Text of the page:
All By Myself
Fighting games are all about competition, so they are probably no fun to play alone. False, the only way to get better at fighting games is to practice by yourself. It takes a long time to master timing and counters with precise precision. Thankfully many modern fighting games have very in depth training modes that will allow you to hone in on exactly what you need to practice the most. Some of this can be overwhelming to new players. Luckily there are plenty of tutorials on YouTube that will help even the most basic of players explore what you can do in these training modes. One of my personal favorites is Cross Counter TV’s Gootecks tutorial series for Street Fighter V (video below). If Street Fighter isn’t your game don’t worry, there are plenty of channels out there dedicated to helping new players learn to practice any fighting game you can think of.
Training isn’t your only option for playing alone. Many fighters feature survival and challenge modes that can really put your skill to the test. These modes can often get overlooked by casual players who tend to go straight for the story or arcade modes instead, but completing special challenges can really help you when learning to chain together combos. These are essential skills and reflexes you’ll want to have when playing against friends or online opponents. Survival mode is also great. Going up against endless foes with only one life bar really pressures you to conserve your energy and practice your blocking. Defense is sometimes more important than offense in these type of games and you’ll want to get the hang of outlasting your opponent and saving your combos for the right moment.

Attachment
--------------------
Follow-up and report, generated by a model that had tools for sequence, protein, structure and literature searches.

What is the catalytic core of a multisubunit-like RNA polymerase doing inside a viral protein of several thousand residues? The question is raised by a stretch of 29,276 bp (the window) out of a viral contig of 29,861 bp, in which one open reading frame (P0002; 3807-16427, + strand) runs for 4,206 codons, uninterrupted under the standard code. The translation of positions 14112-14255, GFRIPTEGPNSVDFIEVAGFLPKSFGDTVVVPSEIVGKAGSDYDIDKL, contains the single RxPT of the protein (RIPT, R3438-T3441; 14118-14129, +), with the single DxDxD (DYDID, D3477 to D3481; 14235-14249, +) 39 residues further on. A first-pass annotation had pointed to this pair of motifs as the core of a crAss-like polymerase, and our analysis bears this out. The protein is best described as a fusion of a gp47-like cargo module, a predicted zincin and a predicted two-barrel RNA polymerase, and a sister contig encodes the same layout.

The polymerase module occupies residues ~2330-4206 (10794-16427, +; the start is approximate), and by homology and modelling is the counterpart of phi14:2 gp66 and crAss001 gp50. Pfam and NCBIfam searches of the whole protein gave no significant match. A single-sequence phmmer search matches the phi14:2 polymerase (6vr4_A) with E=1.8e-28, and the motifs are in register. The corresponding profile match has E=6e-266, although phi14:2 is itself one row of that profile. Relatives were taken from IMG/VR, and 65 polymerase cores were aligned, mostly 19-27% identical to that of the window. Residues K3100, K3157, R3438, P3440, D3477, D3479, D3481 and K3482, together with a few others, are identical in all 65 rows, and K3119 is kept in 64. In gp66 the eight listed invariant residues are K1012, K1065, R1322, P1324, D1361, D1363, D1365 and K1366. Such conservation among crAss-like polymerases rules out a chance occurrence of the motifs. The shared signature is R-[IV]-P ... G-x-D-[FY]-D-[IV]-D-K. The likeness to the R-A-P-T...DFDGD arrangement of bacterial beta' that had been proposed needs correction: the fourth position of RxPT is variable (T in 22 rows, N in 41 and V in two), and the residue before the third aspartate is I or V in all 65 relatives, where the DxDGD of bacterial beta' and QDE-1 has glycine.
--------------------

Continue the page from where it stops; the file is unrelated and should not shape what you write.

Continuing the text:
No one likes to lose, but the only way to get better at anything is to take a few hits and learn from your mistakes. This was the toughest thing for myself to learn when getting into fighting games. No matter how hard I practiced I would still manage to play against people who would beat me down like it was nothing. It can be frustrating, but you have to stick with it. Think of it like Dark Souls. If you could beat every boss on the first try in those games then it wouldn’t give you that same wild feeling of accomplishment that the series has become known for. People play those games because they are brutally hard and when you get beaten a hundred times and you wanna throw the controller out the window, you calm yourself down for one more try and you win. There is absolutely no feeling like it.
People play fighting games for the exact same reason. Its tough there are lots of great players out there and you will get your face kicked in more times then you would like, but when you finally do beat somebody that’s a higher rank than you online or in a tournament it gives you a rush that makes it all worth it. Fighting games are not the most accessible games, but they offer an experience that is unlike any other. And if you are willing to put in a little bit of work then you will definitely start to understand just why the people who play cannot get enough.